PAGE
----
Where’s your Homebase during Chaotic Times?

There's a profound interplay between chronic stress on well-being and its ripple effect on the collective. One needs to prioritize self-care, cultivate purpose, and achieve a state of flow, ultimately empowering individuals to positively shape both their own lives and the greater community.

Ann Boothello Eric Patel
Ann Boothello / Eric Patel

Could it be that when an individual experiences chronic levels of stress for an extended period of time, they not only jeopardize their own well-being but cause a ripple effect of disruption on the well-being of the collective?

Imagine this. Jake, 48 years of age, contemplating a divorce as he recently found out his wife cheated on him in the middle of taking on a new job as senior partner of a successful tech company. Amidst all the paperwork, arguments, negotiations, discussions, handovers, and dealing with his family, old team members, new partners, and lawyers --- he has forgotten about himself, as many of us do when times are turbulent and we are on auto-pilot mode, doing what needs to be done. How may this influence the collective? Starting on an individual level, then impacting those at home, followed by the people at work, then branching out energetically to everyone in their community, and finally, the greater population at large.  

Research at the Heartmath Institute in Boulder, CO, USA, disclosed findings of the phenomena that we leave a lasting impact on those we come in contact with long after we have left their presence physically. In other words, my stress may influence you, and your joy may actually be influencing us on a physiological level. Ie. Our physical health and that of others we come in contact with may be impacted by our state of well-being. We can slow down your body's physiological response to anger by breathing deeply, for instance. This reduces the heart rate, indicating the body now feels safe so it can perform normal bodily activities such as cell regeneration, immune responses to foreign agents in the body, basic maintenance of all body functions, and making better decisions.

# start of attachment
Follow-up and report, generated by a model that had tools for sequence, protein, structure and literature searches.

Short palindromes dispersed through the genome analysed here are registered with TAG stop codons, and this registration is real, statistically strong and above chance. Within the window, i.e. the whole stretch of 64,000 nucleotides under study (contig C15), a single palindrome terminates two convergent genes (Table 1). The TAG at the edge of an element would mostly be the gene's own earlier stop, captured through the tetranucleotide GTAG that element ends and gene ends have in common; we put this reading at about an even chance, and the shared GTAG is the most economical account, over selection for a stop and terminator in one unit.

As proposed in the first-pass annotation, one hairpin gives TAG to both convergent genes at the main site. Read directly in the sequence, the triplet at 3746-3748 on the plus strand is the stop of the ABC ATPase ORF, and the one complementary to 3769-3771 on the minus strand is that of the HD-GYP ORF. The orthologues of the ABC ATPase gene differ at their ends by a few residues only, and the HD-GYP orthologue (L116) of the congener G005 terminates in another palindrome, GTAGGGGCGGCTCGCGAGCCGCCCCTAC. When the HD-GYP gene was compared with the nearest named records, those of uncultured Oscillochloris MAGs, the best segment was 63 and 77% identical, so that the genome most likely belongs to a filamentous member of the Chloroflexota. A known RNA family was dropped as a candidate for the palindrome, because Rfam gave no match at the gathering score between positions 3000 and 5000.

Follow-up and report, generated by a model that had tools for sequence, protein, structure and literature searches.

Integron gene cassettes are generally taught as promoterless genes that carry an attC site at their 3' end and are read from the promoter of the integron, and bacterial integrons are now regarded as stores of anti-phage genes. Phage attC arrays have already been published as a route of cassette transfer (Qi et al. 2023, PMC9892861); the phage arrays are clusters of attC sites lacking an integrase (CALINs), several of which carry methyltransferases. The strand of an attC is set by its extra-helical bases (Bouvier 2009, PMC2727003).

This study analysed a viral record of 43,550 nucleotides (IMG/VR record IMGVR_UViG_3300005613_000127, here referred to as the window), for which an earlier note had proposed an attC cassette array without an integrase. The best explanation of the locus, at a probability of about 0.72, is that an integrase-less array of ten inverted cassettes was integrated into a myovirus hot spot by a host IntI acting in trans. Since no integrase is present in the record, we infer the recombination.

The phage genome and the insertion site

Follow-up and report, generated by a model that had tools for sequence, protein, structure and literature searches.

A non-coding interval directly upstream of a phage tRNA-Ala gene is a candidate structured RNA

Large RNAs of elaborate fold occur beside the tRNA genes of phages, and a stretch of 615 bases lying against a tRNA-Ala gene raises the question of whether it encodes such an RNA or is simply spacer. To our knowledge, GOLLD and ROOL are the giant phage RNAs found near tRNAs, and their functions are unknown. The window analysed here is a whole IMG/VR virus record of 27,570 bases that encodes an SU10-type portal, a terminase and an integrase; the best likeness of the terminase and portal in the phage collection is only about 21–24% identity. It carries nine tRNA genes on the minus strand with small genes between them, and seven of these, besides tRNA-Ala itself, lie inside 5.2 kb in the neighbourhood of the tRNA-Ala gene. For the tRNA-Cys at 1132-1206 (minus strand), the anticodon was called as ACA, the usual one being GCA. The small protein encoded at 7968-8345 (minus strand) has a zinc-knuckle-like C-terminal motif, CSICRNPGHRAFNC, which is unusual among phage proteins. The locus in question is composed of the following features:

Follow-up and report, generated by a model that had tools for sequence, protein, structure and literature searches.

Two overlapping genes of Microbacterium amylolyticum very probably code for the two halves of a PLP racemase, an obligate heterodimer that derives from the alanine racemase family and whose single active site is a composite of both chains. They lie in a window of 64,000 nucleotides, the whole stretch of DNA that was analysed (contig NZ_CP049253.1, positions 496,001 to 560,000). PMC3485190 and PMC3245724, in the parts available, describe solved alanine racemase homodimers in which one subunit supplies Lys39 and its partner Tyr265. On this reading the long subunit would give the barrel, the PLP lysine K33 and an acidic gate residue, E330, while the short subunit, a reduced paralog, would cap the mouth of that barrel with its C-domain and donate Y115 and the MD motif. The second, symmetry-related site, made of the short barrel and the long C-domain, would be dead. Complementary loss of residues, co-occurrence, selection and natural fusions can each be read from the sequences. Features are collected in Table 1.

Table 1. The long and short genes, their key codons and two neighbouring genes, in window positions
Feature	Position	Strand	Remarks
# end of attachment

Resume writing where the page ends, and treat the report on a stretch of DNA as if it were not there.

If the body is constantly tense, one may always seem “wired” or “switched on”-- ready to take on the next battle with no time allocated for rest or recovery. By tracking bio-feedback metrics such as heart rate variability and heart coherence to observe how someone feels when exposed to a loving vs. fearful situation, the HeartMath Institute now has evidence-based research supporting this hypothesis: we physiologically affect each other by our state of well-being. This knowledge is profound in determining how to create a less fear-based society and how to return to love. Love, after all, is what makes the world go round. So how might Jake tackle the turbulent phase in his life? Well, we can’t answer that because there is never a one size fits all solution in the game of life. But what we do know is that if we make a conscious effort to “put our oxygen masks on first,” we will be of greater service to those we love and the collective.

So how do we put our oxygen masks on first?

We may suggest that it’s important to have something we call a home base. A place we feel safe to return to when times are chaotic or tough. We often look for that refuge outside of ourselves. In a spouse, friend, lover, community engagements, or through drowning ourselves in work, sometimes it’s purposeful other times it may not be. The ancient ones, our ancestors, whose wisdom many of us have forgotten in modern times, would tap their chests and ask, “how does that feel?” That center, in our bodies, the heart.  Aristotle described it as a three-chambered organ that was the center of vitality in the body.

In ancient India, the heart held the soul and intelligence. It was the home of one's “self.” Ancient Greeks hold the heart to be the center of the soul and the source of heat within the body. The heart was regarded in Ancient Egypt as the organic motor of the body and also the seat of intelligence, an important religious and spiritual symbol.